18 content of the conversation convinced me later on that

    19 indeed it was Dr. Karadzic on the other line.

    20 Q. During the first conversation, besides

    21 Mr. Kupresanin and yourself, who else was present in

    22 those two rooms, as you testified?

    23 A. In the room where I was, I was brought in by

    24 a policeman, and when Mr. Kupresanin came in, the

    25 policeman left and I remained alone with Mr. Kupresanin

  72. 1 and then we started a conversation, as I have indicated

    2 before. And then from a nearby office, they called him

    3 and they said that the president needs to speak to him

    4 on the phone, and he got up and went to answer the

    5 phone.

    6 Q. Could you see any other persons being present

    7 in the other office?

    8 A. I think there was a person or somebody, there

    9 were some official persons there, but this is what I

    10 could see from the hallway and through the other doors

    11 that were diagonally across. I couldn't even turn

    12 back. This is just what I could see without really

    13 moving my body, just using my eyes, because indeed I

    14 was in a camp where there were terrible conditions, and

    15 you had to be aware of every millimetre of your

    16 movement and your behaviour, and at one point, when he

    17 was talking, carrying a conversation there, Mr. Merkic

    18 entered the room and he wanted to start a conversation

    19 with me but I didn't dare really start a conversation,

    20 and after a while he left, and from the other office,

    21 the only thing that I heard was about the beds and the

    22 soaps and the sheets. I heard it twice. It was

    23 repeated twice. He said, "I found only one of them."

    24 I didn't understand the essence of it. It was only

    25 clear to me later on when he told me that I needed to

  73. 1 go with him.

    2 Q. While you observed Mr. Kupresanin speaking

    3 with Dr. Karadzic, did you hear these words:

    4 "Blankets, beds, detergent" directly from the

    5 telephone in Dr. Karadzic's voice or perhaps you heard

    6 Mr. Kupresanin repeat them?

    7 A. No, I didn't hear what was said on the other

    8 side, I heard what Kupresanin said. He repeated those

    9 words, that he needed soaps, detergents, 300 beds.

    10 Q. If you heard Mr. Kupresanin convey those

    11 requests or orders to anybody at that time or at any

    12 time later on in Banja Luka?

    13 A. No, I didn't hear him talking about those

    14 orders to somebody else, I heard him carry on a similar

    15 conversation on the phone in Banja Luka, but he wasn't

    16 issuing orders. He wasn't ordering somebody to bring

    17 that in, he was just mentioning the same things again,

    18 and he also mentioned clothes for me, a job, as far as

    19 I could remember he was saying, "All right, all

    20 right." He was confirming some of the statements.

    21 Q. So you are testifying now that it was Mr. --

    22 Dr. Karadzic who requested a suit and good treatment

    23 for you because you overheard him directly, in Banja

    24 Luka it wasn't Kupresanin repeating, it was Karadzic's

    25 voice that you could overhear from the old-fashioned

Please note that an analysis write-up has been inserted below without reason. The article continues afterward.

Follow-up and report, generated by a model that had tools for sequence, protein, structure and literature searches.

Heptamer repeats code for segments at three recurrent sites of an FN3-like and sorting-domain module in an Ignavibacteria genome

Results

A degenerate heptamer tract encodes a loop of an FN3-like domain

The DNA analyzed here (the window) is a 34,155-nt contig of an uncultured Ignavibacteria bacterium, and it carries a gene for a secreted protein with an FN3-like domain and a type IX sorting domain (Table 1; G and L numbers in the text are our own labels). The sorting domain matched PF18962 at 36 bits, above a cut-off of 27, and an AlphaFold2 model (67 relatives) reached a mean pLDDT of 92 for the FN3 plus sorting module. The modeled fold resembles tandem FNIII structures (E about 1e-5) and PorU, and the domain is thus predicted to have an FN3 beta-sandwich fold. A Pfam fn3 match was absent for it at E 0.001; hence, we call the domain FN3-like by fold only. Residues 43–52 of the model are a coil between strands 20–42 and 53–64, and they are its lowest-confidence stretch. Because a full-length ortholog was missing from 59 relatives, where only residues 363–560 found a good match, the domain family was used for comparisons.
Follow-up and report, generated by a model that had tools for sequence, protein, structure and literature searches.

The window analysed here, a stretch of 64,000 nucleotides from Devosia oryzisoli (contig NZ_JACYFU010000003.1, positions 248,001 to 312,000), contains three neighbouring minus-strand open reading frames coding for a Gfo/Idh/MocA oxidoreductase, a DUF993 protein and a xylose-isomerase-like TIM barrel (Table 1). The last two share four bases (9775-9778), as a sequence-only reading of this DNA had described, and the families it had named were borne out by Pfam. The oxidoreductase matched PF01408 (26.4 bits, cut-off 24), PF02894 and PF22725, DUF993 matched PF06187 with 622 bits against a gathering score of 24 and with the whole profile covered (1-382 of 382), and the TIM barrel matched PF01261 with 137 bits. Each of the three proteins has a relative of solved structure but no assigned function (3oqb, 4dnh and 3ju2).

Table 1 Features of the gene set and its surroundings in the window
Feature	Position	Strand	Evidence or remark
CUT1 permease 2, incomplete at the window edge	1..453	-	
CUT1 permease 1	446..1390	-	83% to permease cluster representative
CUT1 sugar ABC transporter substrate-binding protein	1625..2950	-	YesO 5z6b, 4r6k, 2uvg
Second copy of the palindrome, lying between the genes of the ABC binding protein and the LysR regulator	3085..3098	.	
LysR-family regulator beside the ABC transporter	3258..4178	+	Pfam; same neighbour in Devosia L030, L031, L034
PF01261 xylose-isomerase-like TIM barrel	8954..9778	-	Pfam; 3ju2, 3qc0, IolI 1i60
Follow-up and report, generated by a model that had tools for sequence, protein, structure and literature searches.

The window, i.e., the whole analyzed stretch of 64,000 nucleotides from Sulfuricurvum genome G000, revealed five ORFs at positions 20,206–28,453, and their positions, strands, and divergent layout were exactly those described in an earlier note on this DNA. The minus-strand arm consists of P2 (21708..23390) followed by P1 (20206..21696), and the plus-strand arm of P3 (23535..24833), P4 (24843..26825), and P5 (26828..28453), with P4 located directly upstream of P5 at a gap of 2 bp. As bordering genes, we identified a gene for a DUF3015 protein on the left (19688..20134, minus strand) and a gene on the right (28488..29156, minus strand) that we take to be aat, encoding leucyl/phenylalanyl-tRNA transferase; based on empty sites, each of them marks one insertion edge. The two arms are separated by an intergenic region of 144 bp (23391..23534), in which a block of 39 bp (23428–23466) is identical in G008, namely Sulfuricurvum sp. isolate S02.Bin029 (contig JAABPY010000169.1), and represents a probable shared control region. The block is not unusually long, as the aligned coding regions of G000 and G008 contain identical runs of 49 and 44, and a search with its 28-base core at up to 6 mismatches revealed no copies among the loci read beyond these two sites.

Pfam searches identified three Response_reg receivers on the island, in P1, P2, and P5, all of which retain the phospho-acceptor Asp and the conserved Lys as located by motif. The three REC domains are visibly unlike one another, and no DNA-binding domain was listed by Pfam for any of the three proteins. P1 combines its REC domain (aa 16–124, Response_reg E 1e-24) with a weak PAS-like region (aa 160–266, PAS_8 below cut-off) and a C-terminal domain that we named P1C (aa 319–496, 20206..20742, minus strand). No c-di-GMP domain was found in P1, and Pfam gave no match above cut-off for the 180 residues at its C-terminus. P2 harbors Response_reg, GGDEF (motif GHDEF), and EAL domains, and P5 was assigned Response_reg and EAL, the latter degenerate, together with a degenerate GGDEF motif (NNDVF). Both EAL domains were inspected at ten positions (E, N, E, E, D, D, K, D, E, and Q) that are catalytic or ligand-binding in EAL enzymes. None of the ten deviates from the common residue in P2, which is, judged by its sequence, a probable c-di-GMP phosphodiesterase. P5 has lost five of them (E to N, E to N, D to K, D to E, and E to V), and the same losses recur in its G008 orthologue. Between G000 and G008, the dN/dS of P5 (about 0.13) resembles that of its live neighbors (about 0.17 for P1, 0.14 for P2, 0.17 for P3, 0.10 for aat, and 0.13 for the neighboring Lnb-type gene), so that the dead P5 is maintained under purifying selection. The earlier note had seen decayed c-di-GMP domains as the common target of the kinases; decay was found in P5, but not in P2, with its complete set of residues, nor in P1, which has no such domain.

74. 1 telephone on the desk?

    2 A. Based on what I had heard, I repeated several

    3 times what I had heard, I concluded that it was ordered

    4 to Kupresanin to go to Omarska and search for the

    5 surviving members of the parliament and put them

    6 somewhere where they could get better and then use them

    7 for his political purposes. This is how I understood

    8 the whole matter.

    9 Q. But what you have just testified that you

    10 understood, that is not what Dr. Karadzic said. What I

    11 asked you only, what did you hear in his own voice?

    12 JUDGE MAY: I think the witness has dealt

    13 with that.

    14 MR. VUCICEVIC: Thank you, Your Honour.

    15 Q. One minor point. Mr. Semenovic, I will

    16 direct your attention to the very first day when you

    17 surrendered yourself to the authorities of the

    18 detention centre in Trnopolje. What was the name of

    19 the captain that you were turned into?

    20 A. His name was Slavko and I heard that from

    21 Adem Trnjanin a friend of mine who later went on to

    22 this Slavko.

    23 Q. Did Mr. Trnjanin make any comments who to

    24 turn into and not to turn into?

    25 A. He asked me to surrender because he was

  75. 1 afraid that they would kill 15 persons, including

    2 himself, because they were given the ultimatum with a

    3 deadline of 48 hours, and he told me that Slavko would

    4 not beat me, he was solely interested in how I entered

    5 Trnopolje camp and how I exited the camp. This is what

    6 Slavko wanted to hear from me. This is what Adem told

    7 me, and he didn't say anything about the others, and he

    8 was beyond himself. He could barely speak about that

    9 situation.

    10 Q. So it wouldn't be fair to conclude that the

    11 inmates, refugees, at Trnopolje centre, had favourable

    12 opinion about Captain Slavko?

    13 A. Captain Slavko was interrogating some of the

    14 15 persons that I have mentioned. Among others, he

    15 also interrogated Adem Trnjanin, and at the end of that

    16 interrogation and abuse, some of them were beaten.

    17 They issued the ultimatum. What else was said in the

    18 conversation, I do not know, but Adem said he will not

    19 beat you, he's only interested in how you entered the

    20 camp, because Slavko was the head of the guards at the